Let’s re-orient. You’ve soldered the core wire to the shorter connecter pigtail (3.4.3) and are now ready to solder the corona wires onto the long connecter pigtail (without using foil). Twist corona wires around connecter

Twist the two exposed corona wires around the long pigtail of the connecter. This is intricate work and may take a few tries. Solder

Apply a tiny bit of solder to the tip of the iron. (A tiny bit. There may already be some there, left over from previous soldering. That’s probably enough.) Put the solder down. You can probably hold the joint in one hand since the already soldered core wire provides some stability.


Bring the joint to the tip of the soldering iron. Very quickly, the available solder will flow over the corona wires and the factory pre-tinned connecter wires.

You have completed the second of the two soldered connections. Trim off any spikes that protrude.

If you like, connect the wire-side and driver-side connecters, power the driver, and look at the pretty light.

3.4.7 Apply heat-shrink tube

Slide the heat-shrink tube you previously threaded in step 3.2.5 back over the connecter wire to cover the joint. Now you must heat it. There are two methods: Use some expensive method

If you happen to have a heat gun or a paint stripper, now is the time to use it. A hair drier will not be sufficient. On the other hand, you can always . . . Use side of soldering iron

Not recommended for this project, because you'll want a clean finish in the areas you'll want to mask. A heat gun will give you a much cleaner finish.

Congratulations! You have soldered your own piece of Cool Neon wire.




Step 3 - Draw with EL wire

Whew, well that was lengthy. But now that you have the initial connection set up, you can start shaping some EL wire!

Take the first color wire that you have already soldered to the wire-side connector. You should have tested the light already by connecting it to the driver and see that it works. If so, great! Place your drawing on the table and pick a spot to begin your wire. Some place in the corner of the drawing works well. I started at the beer mug where the foamy head is close to the mug handle. Remember the drawing is reversed because you're working from the backside. Start outlining your drawing with the EL wire. Gently curve and bend it to match your drawing, using pieces of scotch tape to secure it to your drawing. Be light with the tape though, as it can leave gunk residue on the wire if you go overboard.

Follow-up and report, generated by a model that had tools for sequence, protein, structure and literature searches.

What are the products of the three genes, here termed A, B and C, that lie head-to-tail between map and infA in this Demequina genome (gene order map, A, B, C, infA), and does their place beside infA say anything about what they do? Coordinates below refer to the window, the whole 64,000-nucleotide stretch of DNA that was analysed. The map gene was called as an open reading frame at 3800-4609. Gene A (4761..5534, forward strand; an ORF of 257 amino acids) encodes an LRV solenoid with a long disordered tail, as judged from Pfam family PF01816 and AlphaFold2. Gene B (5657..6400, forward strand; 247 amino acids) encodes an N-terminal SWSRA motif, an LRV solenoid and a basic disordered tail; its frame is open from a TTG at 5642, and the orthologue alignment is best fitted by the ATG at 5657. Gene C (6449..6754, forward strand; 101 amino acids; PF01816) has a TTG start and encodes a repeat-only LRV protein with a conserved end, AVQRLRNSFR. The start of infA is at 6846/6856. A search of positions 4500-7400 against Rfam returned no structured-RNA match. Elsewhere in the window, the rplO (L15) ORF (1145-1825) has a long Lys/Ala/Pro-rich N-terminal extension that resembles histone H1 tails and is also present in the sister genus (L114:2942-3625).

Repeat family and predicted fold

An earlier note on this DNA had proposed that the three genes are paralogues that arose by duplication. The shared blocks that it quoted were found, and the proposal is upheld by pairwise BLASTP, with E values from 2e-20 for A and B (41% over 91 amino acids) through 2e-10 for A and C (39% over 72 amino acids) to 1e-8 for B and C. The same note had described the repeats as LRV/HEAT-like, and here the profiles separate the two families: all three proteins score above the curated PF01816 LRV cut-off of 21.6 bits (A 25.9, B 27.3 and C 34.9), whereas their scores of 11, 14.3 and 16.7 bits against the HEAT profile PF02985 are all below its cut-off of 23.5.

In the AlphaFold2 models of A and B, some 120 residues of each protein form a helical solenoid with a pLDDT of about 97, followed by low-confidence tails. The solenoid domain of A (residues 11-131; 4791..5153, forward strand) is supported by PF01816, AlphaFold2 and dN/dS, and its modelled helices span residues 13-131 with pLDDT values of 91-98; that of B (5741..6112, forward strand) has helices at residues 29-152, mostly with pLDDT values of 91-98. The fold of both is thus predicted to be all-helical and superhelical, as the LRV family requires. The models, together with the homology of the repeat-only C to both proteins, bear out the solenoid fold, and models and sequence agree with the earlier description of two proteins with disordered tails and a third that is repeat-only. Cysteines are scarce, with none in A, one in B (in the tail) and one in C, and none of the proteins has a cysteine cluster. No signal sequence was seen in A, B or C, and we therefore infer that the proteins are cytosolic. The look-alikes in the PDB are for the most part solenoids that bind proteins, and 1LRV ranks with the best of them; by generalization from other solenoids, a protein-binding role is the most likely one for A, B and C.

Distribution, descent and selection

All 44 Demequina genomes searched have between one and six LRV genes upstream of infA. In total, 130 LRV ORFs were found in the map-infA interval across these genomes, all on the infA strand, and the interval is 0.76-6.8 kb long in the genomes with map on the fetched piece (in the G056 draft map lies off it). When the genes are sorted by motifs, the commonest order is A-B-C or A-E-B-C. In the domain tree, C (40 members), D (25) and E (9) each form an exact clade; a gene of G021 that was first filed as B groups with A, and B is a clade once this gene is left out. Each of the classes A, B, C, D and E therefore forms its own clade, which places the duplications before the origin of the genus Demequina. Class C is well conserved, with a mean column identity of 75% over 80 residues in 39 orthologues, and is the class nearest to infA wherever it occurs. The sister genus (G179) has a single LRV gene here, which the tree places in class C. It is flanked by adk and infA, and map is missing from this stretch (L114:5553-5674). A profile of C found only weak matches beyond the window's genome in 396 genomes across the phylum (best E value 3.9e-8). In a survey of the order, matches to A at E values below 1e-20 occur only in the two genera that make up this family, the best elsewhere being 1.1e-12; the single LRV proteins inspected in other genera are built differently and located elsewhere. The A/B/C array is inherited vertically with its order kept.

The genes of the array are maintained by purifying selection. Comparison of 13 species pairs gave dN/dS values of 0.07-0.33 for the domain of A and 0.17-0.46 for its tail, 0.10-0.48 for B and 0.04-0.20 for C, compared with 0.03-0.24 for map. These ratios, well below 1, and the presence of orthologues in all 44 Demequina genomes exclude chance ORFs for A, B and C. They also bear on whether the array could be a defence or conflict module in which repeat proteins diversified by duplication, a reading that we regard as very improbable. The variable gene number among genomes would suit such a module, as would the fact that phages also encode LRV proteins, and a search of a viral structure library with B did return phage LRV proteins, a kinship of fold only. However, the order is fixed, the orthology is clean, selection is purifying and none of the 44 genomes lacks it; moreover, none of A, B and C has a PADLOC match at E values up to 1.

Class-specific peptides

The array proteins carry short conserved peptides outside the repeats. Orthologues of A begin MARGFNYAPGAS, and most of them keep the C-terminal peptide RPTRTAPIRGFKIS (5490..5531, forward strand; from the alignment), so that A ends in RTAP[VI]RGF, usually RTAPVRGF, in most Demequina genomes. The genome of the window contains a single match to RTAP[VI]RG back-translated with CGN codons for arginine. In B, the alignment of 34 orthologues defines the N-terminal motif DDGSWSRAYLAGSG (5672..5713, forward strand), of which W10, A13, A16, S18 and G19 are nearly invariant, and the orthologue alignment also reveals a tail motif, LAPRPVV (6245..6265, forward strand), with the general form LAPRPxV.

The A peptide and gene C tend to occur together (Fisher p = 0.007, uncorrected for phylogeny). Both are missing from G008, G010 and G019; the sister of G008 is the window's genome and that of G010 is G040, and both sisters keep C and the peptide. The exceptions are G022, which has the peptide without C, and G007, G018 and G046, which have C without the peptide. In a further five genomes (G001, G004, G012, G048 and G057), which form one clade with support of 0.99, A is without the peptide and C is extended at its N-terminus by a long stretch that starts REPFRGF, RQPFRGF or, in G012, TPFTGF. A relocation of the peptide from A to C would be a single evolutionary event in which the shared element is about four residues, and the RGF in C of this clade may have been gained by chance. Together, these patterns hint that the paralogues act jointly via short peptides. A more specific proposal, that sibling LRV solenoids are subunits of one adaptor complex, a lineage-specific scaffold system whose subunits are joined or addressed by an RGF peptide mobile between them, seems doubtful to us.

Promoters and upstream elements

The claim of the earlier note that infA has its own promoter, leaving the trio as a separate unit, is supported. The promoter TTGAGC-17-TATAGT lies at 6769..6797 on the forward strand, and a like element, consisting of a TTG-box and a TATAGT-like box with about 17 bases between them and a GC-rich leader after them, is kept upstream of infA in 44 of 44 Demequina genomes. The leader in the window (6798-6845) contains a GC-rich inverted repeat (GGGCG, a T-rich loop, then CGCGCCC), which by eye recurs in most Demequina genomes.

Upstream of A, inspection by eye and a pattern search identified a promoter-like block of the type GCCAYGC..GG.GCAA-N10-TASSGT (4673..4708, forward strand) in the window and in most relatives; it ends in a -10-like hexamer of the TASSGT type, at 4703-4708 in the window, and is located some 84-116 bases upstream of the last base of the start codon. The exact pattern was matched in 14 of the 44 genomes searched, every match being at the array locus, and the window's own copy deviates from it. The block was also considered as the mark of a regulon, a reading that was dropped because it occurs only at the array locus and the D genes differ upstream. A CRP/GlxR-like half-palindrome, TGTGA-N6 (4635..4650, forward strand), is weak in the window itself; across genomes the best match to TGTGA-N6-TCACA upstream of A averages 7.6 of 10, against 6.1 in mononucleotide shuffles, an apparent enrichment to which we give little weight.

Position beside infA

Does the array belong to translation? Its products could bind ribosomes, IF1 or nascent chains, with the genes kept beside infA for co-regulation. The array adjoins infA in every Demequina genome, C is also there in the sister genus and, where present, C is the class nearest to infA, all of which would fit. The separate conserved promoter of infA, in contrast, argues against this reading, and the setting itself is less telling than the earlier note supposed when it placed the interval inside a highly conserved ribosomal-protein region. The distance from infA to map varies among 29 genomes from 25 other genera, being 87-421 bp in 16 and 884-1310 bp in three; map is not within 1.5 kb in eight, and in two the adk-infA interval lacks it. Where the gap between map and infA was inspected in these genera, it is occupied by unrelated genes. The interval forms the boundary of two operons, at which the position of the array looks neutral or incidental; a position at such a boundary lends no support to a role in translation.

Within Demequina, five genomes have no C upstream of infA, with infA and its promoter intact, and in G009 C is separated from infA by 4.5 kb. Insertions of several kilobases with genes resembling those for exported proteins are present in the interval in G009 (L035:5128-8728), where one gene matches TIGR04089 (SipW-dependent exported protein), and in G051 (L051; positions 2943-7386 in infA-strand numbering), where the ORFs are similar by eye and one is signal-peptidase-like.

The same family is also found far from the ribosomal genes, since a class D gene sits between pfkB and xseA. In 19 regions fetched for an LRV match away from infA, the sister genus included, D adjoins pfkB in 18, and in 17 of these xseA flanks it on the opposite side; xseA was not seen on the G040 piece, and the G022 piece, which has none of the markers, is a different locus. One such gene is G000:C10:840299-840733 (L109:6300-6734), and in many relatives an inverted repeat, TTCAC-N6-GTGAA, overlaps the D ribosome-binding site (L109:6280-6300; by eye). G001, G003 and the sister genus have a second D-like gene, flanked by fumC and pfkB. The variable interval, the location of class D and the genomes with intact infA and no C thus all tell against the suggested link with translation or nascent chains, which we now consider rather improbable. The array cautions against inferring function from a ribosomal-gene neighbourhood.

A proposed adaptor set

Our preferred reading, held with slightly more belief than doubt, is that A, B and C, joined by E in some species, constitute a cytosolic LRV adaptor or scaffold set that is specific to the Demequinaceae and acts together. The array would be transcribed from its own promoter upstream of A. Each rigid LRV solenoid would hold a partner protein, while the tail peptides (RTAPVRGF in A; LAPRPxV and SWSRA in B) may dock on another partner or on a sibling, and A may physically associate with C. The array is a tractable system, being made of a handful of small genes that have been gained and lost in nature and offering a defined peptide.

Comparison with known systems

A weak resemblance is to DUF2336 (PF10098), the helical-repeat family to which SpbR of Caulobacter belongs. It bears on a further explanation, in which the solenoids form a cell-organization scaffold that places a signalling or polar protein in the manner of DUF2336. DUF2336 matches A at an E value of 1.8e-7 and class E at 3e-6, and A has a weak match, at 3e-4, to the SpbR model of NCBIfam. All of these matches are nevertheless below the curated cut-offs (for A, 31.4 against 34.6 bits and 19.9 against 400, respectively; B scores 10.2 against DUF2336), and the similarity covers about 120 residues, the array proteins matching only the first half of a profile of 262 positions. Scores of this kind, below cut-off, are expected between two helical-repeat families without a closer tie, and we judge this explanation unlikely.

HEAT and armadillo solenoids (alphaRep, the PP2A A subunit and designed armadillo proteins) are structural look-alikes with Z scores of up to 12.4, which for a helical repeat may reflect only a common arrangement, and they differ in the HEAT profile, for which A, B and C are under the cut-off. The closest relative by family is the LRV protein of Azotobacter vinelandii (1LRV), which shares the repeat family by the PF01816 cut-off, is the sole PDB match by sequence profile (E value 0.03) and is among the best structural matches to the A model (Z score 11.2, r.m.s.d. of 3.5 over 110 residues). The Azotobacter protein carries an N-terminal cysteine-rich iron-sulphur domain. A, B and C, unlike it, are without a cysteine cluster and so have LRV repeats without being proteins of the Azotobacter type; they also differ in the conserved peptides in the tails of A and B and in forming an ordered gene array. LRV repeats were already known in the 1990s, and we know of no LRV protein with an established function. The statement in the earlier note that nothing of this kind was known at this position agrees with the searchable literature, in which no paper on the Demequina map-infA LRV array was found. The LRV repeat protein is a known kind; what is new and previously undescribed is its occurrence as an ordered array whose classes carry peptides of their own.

You don't have to be absolutely perfect with the shaping right now, as you'll get to tweak it as you go. But just get it close.

Step 4 - Jumping spots

If you have a line within the same color that needs to jump or skip to a different spot, like my yellow mug below, this is a great chance to create an anchor that will support your light from behind.

Where your line needs to skip, bend the wire backwards and slip a long piece of black heat shrink tubing into that spot. You can trim it shorter with scissors while slipped on if necessary. Bend it back and forward again, just like in the picture below. You can see in the beer mug, there are black anchors that hide one continuous strand of yellow wire. When flipped over, those anchors help hold the light up against the back board.

It is wise to include these anchors throughout as you're outlining your drawing, for support. Even if you don't have a line skip, you can artificially create one by jumping from one point of the drawing to another and continuing from there.


Here is the back of the "biiru" lettering, showing all the black anchors. It appears like separate lettering strokes, even though it's all one single strand of wire. The anchors also attach to the backboard and keep the light away from it. The red pencil over my template was my pre-planning how the wire will run (start here, start anchor here, go this direction, etc.). It helps to plan things out on paper!

Step 5 - Changing colors

Changing colors is very easy, since you have already learned to strip and solder EL wire.

If you need to attach a new color right next to the previous color:

Then just solder the two wires together. Cut off the previous color, keeping an extra 3" or so for soldering and anchoring. Here is's suggested method.

Soldering two EL wires together

Full guide at:


Twist the two core wires together and the four corona wires together.

4.2.2 Soldering the wire-to-wire joint

Solder the core wires together and clip off the long end.

Solder the corona wires together, and bend them back away from the core wires.

Almost done!